This account of the pre-Nazi glory and subsequent harrowing fate of the Austrian Jewish sports club Hakoah makes for a necessary corrective to Leni Riefenstahl’s grudgingly admired Olympic myth-mongering. Director Yaron Zilberman coaxes forth his octogenarian subjects’ memories of youthful hope and athletic prowess. The erstwhile athletes, who all escaped probable death when coaches arranged for illegal passage to safety in Israel, London, Los Angeles, and elsewhere, vividly recall the power of the club to instill a sense of belonging, even as Austria lurched toward German annexation.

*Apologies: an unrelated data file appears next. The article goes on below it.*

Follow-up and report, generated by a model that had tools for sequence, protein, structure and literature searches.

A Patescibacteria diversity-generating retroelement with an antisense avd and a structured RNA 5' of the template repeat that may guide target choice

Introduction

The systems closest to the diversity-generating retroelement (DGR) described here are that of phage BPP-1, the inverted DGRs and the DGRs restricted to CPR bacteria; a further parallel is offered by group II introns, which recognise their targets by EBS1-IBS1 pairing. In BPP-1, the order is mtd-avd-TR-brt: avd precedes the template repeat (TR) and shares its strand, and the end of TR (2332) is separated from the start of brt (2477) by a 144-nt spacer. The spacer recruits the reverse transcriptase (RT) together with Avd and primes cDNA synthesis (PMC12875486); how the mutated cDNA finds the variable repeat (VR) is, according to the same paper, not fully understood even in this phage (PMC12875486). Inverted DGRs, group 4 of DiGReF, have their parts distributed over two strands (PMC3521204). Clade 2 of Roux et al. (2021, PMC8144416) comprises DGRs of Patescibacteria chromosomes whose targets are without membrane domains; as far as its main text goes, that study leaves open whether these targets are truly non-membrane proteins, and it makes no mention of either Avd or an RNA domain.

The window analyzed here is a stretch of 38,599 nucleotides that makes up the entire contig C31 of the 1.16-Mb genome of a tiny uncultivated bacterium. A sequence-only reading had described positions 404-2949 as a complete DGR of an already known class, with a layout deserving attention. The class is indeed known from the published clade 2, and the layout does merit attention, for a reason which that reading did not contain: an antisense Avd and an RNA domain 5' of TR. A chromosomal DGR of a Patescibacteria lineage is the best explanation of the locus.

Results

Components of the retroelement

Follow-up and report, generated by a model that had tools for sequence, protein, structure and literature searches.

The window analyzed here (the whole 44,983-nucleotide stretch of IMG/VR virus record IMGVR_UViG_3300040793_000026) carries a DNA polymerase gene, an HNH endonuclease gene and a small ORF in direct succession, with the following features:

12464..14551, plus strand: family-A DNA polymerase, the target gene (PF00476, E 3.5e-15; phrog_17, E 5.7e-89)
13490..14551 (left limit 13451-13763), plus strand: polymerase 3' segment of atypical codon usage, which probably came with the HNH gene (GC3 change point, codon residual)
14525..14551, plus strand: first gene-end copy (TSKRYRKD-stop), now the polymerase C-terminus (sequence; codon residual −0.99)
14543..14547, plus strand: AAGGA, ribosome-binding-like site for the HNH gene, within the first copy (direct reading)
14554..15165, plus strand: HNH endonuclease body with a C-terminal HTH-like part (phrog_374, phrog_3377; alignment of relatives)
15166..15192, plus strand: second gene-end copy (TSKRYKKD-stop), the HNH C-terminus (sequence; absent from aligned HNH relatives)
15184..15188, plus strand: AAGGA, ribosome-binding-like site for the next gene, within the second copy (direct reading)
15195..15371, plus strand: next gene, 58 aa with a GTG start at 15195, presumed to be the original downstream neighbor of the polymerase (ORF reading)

Though Zilberman’s affection for the women leads to some indulgent digression, the doc’s low-key tone (and lack of the stock, timpani-backed Nazi iconography) throws certain anecdotes into powerful relief. For example, the sister of 85-year-old Judith Haspel relates her sibling’s refusal to swim for Germany in the 1936 Olympics (in pools designated off-limits to “dogs and Jews”). Upon her decision, the Austrian government, until a 1995 reinstatement, erased her competitive records from the books. At the swimmers’ film-spurred Vienna reunion, a chatty cabbie apologetically admits to Austria’s ill treatment of “non-natives” in the past, prompting Hakoah clubber turned Rutgers professor Greta Stanton to explain that she had never considered herself a non-native. The driver awkwardly attempts to amend himself—”not German.” Zilberman records Stanton’s shocked silence, a delicate acknowledgment of a lingering menace that chafes at any historical confinement.